Gato Roboto, a Metroidvania Starring a Cat in a Mech Suit, Is Pure and Simple Fun

A good Metroidvania game is my ultimate weakness.

I grew up on Metroid titles, and Hollow Knight is my favorite indie game in the entire Nintendo Switch lineup, so when I saw Gato Roboto, it immediately caught my interest. Developed by the delightfully named Doinksoft, and published by indie powerhouse Devolver Digital, the game stars a cat in a powerful mech suit on a space adventure. Coincidentally, just as I was planning to reach out to review the game, a review key landed in my inbox as if it were meant to be. Playing the game only proved that point further.

Gato Roboto begins on a spaceship with a man named Gary and his cat, Kiki. As he's about to investigate the strange signal emanating from a planet, Kiki walks all over the keyboard, causing the ship to crash. With Gary trapped in the ship, it's up to Kiki to don a powerful mech suit and explore the planet to get to the bottom of the mystery.

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(Gato Roboto via Devolver Digital)

The game is light on plot and a little silly in premise, but that feels intentional. The game knows it, and it more than makes up for it with tight, exciting gameplay. In the beginning, Kiki only has a short-range beam attack at her disposal. While this proves handy in getting rid of frogs and insect traps, you have to get up close and personal with enemies to do any real damage. As enemies get more robotic, they become tougher, and a certain nefarious mouse will keep you on your toes with every encounter.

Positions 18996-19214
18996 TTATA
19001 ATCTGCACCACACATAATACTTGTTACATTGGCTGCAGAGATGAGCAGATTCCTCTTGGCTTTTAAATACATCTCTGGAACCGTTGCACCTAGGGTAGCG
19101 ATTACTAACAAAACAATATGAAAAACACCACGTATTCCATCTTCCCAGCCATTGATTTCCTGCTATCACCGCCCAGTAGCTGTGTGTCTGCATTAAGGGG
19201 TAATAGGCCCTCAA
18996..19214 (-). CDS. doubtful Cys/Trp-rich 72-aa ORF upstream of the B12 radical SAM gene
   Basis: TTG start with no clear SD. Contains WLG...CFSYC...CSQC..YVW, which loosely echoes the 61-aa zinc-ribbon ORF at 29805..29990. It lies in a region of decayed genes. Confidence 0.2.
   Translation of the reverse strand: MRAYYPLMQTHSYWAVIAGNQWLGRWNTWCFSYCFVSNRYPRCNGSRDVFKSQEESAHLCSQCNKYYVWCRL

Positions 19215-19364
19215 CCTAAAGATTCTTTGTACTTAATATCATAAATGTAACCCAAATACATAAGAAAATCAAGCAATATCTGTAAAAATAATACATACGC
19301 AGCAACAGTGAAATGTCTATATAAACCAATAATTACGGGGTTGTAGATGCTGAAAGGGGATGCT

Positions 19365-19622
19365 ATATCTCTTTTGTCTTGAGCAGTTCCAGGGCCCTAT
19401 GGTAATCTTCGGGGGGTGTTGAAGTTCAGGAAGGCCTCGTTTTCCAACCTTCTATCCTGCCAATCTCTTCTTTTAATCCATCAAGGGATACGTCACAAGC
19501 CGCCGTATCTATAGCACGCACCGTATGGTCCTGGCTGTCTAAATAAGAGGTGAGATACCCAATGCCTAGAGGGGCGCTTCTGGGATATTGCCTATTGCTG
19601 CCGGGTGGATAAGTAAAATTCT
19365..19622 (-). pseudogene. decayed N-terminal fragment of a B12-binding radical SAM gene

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(Gato Roboto via Devolver Digital)

Like any Metroidvania, progress sometimes means moving past something interesting and coming back once you've obtained a certain ability. To become truly formidable, you'll need to go on the hunt for mech upgrades that add more bang to your arsenal, such as spin jumps and dashes. However, most areas are actually self-contained and don't require any moves from other sectors, and often getting into a secret area is actually about applying your current skill set in an innovative way.

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(Gato Roboto via Devolver Digital)

But getting into the suit doesn't mean you'll be donning it permanently. In fact, Kiki must regularly eject herself in order to make it deeper into the world and uncover all of its secrets. She may only be a cat, but she's small and nimble, with the ability to climb up steep walls. On the downside, a single hit will defeat you and send you back to the last save point.

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(Gato Roboto via Devolver Digital)

While the mech takes damage upon touching water, Kiki rejects cat stereotypes, making swimming one of her core abilities. And Kiki doesn't only pilot a mech. The game also features submarines that make it easy to move through the water and shoot projectiles, as well as laser turrets for taking out obstacles and enemies. In one super-heated part of the map, Kiki can't leave her suit, while in vent areas, she must navigate almost entirely as a cat due to the narrow passageways. Success requires adaptability in all of Kiki's forms.

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(Gato Roboto via Devolver Digital)

Unlike other games in the same vein, enemies never drop health or ammo. In fact, there's no collectible ammunition in the game at all, so besides areas locked until all enemies are destroyed, you're allowed to avoid them entirely if you'd like. Your ability to shoot missiles (once you unlock them) actually relies on a cooldown system. This limits the number of missiles you can fire off at once, but also means you'll never have to worry about running out. This adds a different element of strategy than it might if missiles were a finite resource.